Government provides extra £30m to help unlock land for new homes, but does policy need to be 'more ambitious'?

In a speech at the Chartered Institute of Housing’s annual conference, Cabinet office minister Lord Agnew has announced that the government is boosting its Land Release Fund (LRF) and the One Public Estate (OPE) programme with an additional £30m.


The funding will help release surplus public sector land to make way for thousands of new homes and support local economies to bounce back from the pandemic.

The LRF — which targets small sites with a focus on supporting SME builders — will offer councils the opportunity to bid for £20m for remediation works and infrastructure to bring land forward for housing.

The OPE programme will provide £10m, supporting the earliest stages of development.

New and existing partnerships will be able to bid for practical support in collaboration with central government and other public sector partners, which deliver homes, jobs, efficiencies and improved public services.

“By taking a fresh look at how we use buildings and release surplus public property and land, the OPE programme has helped to create thousands of new homes and jobs and breathed new life into communities,” stated Lord Agnew.

Housing minister Christopher Pincher added that delivering much-needed new homes across the country was “central to the mission of this government”.

“This new funding will help councils right across England to turn unloved, unused land into new homes and communities where they are needed most.

“It is an important part of how we are working with local government and the housing industry at every level to support our recovery from the impact of the pandemic.”

Funding will be allocated in the current financial year and is now available for bids.

The news follows measures to transform unused land for homes, including the announcement in August that the government is investing £360m in Mayoral

Combined Authority areas through its £400m Brownfield Fund, to deliver 26,000 new homes while protecting greenfield sites.

Dave Sheridan, executive chairman at ilke Homes, welcomed the government’s efforts, but felt that policy should be “more ambitious” to really kickstart a housing boom.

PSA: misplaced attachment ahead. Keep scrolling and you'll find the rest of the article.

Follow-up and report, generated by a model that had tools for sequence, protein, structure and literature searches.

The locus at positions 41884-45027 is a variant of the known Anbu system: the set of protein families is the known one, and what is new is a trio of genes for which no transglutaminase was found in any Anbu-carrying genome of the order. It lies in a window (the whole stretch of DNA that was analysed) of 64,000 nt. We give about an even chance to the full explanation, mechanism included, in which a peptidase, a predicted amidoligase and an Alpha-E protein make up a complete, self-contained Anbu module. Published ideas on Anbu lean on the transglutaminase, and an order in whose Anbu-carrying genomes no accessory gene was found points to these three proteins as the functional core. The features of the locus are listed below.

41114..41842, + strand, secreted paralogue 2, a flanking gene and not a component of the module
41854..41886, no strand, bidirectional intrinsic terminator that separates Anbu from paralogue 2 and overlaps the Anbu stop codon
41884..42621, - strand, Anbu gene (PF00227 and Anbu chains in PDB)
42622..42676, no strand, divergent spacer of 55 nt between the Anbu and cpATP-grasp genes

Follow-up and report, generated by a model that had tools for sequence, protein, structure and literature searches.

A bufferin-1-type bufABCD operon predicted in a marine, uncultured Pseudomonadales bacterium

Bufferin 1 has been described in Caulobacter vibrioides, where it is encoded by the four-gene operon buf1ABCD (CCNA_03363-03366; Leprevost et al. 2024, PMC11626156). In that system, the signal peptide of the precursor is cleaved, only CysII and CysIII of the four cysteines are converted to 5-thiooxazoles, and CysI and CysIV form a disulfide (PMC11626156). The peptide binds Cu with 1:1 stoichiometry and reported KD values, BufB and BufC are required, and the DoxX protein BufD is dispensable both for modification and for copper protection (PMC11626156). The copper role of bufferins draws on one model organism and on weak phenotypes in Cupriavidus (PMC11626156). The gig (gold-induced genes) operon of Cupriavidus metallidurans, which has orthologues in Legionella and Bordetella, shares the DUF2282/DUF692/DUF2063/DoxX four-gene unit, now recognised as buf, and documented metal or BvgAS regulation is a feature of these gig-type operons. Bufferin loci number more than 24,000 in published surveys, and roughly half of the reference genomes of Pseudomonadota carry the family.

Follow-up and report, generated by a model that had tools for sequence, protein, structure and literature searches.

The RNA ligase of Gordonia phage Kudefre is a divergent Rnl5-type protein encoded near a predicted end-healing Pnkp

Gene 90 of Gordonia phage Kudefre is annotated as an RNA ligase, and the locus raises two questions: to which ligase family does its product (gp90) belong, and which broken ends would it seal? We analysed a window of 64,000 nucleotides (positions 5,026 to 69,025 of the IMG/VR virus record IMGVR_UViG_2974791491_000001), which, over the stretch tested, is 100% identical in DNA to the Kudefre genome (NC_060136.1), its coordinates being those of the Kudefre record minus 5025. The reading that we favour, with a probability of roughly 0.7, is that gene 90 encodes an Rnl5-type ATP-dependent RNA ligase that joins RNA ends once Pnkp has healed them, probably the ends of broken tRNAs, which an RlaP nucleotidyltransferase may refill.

“Ministers must be proactive in bringing land forward and designating parcels exclusively for factory-built homes.

“This will help accelerate the pace of housing procurement and delivery in the UK — cutting construction programmes by almost half — which will be pivotal to any post Covid-19 recovery plans.

With house prices defying the doom-and-gloom expectations that characterised the market prior to the summer months, affordability levels continue to fall.

“Housing associations have a key role to play in using their own funds and land to boost the supply of affordable housing, and should be encouraged to collaborate closely with Homes England and other stakeholders.”

The LRF currently supports 73 council projects which are on track to release land for more than 6,000 homes by next March, including:

  • Broadland District Council in Norfolk was awarded funding to deliver improvements, such as site highways works and the implementation of a surface-water drainage strategy and pumping station. 22 homes at Rosebery Road, Great Plumstead have now been completed by the council’s housing company
  • the Griffin regeneration area in Blackburn was awarded funding to carry out new highways access and land remediation work to accelerate the release of brownfield land for 140 new homes. This has helped to make the site viable, supporting regeneration of the local area and bringing forward a scheme of new family homes for rent and sale.

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